In an elegant bit of nanoscale engineering, chemists at the University of California at Los Angeles have designed and built what must be the world's tiniest elevator, a molecular platform on three legs that can be raised or lowered on command.
The device, created by J.Fraser Stoddart, a professor of organic chemistry, and colleagues, is about two and a half nanometers high, and the platform moves less than a nanometer up and down. A nanometer is one-billionth of a meter, or about a 25-millionth of an inch.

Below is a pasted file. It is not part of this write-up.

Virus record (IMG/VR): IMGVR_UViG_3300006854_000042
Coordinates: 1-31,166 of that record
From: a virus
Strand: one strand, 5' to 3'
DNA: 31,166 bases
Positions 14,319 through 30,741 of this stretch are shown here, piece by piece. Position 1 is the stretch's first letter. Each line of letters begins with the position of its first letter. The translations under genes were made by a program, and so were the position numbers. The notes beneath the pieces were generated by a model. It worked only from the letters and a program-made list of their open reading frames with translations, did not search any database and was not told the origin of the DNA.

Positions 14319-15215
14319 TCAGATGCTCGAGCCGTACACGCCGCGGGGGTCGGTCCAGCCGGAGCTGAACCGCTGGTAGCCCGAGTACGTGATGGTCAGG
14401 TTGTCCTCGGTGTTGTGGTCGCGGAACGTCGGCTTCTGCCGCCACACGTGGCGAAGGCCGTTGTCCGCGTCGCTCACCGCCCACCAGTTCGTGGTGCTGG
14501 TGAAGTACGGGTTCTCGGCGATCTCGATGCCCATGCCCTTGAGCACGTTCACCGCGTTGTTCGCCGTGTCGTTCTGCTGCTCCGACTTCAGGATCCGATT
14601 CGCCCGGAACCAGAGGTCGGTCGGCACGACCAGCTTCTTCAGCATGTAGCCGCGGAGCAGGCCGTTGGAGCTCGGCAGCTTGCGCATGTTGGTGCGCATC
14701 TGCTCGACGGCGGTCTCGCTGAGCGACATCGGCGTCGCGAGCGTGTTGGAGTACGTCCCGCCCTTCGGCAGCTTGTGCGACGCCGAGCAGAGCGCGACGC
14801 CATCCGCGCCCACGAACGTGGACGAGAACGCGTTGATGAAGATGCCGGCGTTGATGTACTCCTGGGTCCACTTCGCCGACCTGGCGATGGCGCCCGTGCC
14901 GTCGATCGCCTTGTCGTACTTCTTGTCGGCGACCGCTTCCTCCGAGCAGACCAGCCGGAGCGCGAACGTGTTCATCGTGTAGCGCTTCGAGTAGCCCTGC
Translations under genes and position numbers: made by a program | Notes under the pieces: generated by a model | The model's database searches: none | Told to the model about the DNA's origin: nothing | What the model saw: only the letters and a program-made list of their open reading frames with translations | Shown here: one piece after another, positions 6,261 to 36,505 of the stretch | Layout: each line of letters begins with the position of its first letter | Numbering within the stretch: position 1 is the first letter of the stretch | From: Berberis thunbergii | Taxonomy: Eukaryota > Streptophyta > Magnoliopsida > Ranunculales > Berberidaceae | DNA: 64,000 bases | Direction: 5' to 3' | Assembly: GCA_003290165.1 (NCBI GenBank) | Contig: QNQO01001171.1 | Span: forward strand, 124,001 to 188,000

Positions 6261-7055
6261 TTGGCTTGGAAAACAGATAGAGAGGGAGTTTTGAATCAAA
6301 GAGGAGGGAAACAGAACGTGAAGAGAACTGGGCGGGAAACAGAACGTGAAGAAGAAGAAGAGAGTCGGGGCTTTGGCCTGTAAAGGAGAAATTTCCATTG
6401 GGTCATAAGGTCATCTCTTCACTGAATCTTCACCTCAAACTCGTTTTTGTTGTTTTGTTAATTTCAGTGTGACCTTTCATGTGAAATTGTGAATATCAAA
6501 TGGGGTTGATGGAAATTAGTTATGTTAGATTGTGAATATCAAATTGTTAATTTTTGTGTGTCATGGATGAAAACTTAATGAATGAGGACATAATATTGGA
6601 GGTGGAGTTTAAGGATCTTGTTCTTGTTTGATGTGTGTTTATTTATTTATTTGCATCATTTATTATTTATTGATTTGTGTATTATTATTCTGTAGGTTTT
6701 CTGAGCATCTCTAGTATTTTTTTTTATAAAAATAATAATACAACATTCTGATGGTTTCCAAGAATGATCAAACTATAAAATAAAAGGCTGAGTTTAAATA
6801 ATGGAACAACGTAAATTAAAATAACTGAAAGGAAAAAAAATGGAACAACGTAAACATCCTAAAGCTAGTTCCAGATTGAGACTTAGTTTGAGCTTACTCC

Although the elevator is more complex and organized than other so-called molecular machines, Stoddart said the work, which is described in the current issue of the journal Science, was only an 'extremely incremental' step toward developing useful molecular-scale devices that might, for example, function as drug-delivery systems. The elevator or something like it, he said, might someday serve as a valve, opening and closing a tiny cavity to allow a few drug molecules to reach a cell.